Ethical public procurement an 'incredible force for good'
by Ed Butcher
With judges ruling that public authorities can put ethical sourcing at the heart of their procurement, the Fairtrade Foundation says that switching to fair trade is good for global security and prosperity
As if they had been waiting for the occasion, the European Court of Justice judges made sure this year's World Fairtrade Day on May 12 went with a bang. In a landmark ruling just days before, the court ended years of uncertainty as to whether public authorities were allowed to put ethical sourcing at their heart of the procurement strategies. The court made it absolutely clear that public authorities can proactively chose to buy Fairtrade and fairly traded goods.
Up to now, the lingering ambiguity had caused over a decade of provocation and unwittingly set back the cause of ethical public procurement. Public procurers' perceived risk of litigation from disgruntled, unsuccessful bidders had been a big turn-off for more conservative authorities. This fear had prevented them from including anything moderately exotic in their award criteria, including preferences for ethical production. Exiting this festering quagmire of legal uncertainty means public authorities can now be loud and proud about their preference for higher ethical production.
The reality is that trail-blazing public authorities have been quietly buying Fairtrade in spite of the lack of clarity in European Union procurement rules for public authorities. As we look to the future, all eyes now focus on Brussels. The irony of this ruling is that it comes as the current regulations reach the end of their shelf life. Eurocrats are busy cooking up the next version of the EU-wide public procurement directive. There is a general mood for simplification, but the first drafts look good on ethical procurement. It is very much hoped the legacy of this ruling will be retained to prevent another lost decade of unfocused and ineffective public buying.
Now we have the 'how' out of the way, the more fundamental question is why this matters. With public finances in such a mess, some might question why responses to a call for tender should be judged on anything other than purely economic criteria. National and local government is behind the curve and so having to play catch up on improving ethics in the production of the goods they buy. While bureaucrats and lawyers have been dillydallying, businesses in the United Kingdom have been grappling with making supply chains more sustainable. It is not quite 'while Rome burns', but a decade of feet-dragging on ethic procurement rules does not quite respond to the sustainability emergency around us.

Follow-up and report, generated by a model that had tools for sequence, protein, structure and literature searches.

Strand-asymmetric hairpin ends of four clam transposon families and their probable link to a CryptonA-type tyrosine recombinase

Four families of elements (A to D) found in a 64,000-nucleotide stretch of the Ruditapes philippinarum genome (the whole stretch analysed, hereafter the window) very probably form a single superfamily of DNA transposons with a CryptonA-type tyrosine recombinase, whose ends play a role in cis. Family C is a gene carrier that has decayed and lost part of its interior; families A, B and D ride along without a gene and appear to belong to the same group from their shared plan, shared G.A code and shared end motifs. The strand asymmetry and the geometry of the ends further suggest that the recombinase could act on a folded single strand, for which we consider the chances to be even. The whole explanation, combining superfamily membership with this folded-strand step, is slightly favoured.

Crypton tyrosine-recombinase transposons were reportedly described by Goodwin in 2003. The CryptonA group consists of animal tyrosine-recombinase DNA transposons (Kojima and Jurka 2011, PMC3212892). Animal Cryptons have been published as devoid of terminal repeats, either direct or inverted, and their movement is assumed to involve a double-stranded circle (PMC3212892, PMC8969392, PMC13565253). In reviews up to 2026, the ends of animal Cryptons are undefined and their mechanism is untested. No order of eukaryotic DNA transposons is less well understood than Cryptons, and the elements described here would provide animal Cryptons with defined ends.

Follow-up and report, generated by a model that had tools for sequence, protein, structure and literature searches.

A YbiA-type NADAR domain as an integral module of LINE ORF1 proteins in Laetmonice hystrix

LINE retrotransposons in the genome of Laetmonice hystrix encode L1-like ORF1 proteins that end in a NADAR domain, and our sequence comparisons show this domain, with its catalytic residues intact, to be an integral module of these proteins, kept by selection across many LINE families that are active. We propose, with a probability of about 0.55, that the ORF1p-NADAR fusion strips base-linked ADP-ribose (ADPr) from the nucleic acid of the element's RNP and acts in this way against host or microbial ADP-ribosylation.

Businesses do not always get it right, but they deserve government support – and in this context, their custom – when they do. It is absurd that government buyers' doors have been barely ajar to commercial propositions that are attempting to address some of the profoundest socio-economic problems of our age – in the case of Fairtrade, through promoting greater equality in food supply chains. The UK department for international development alone will not end global inequality, but mobilising the buying power of the world's fifth biggest public administration will make a more serious dent. Hope of ending intractable ethical and sustainability issues comes partly through ending the silo thinking that leads to one part of the public sector ignoring what another part is trying to achieve.
This is not about 'do-gooding', this is about global security and prosperity. It is about rebalancing power in our supply chains. This is as simple as making sure a farmer can make enough from the sugar he grows that eventually ends up in a civil servants' cup of tea. Simply put, a happy farmer is a peaceful one and economic security is a precursor to that happiness. And one day, when that farmer is rich enough, he may buy fertilizers or a tractor made in Britain. In our increasingly globalised economy, we cannot ignore the multipliers to government expenditure and public procurement rules must support and enable this incredible force for good.
Ed Butcher is a procurement specialist at the Fairtrade Foundation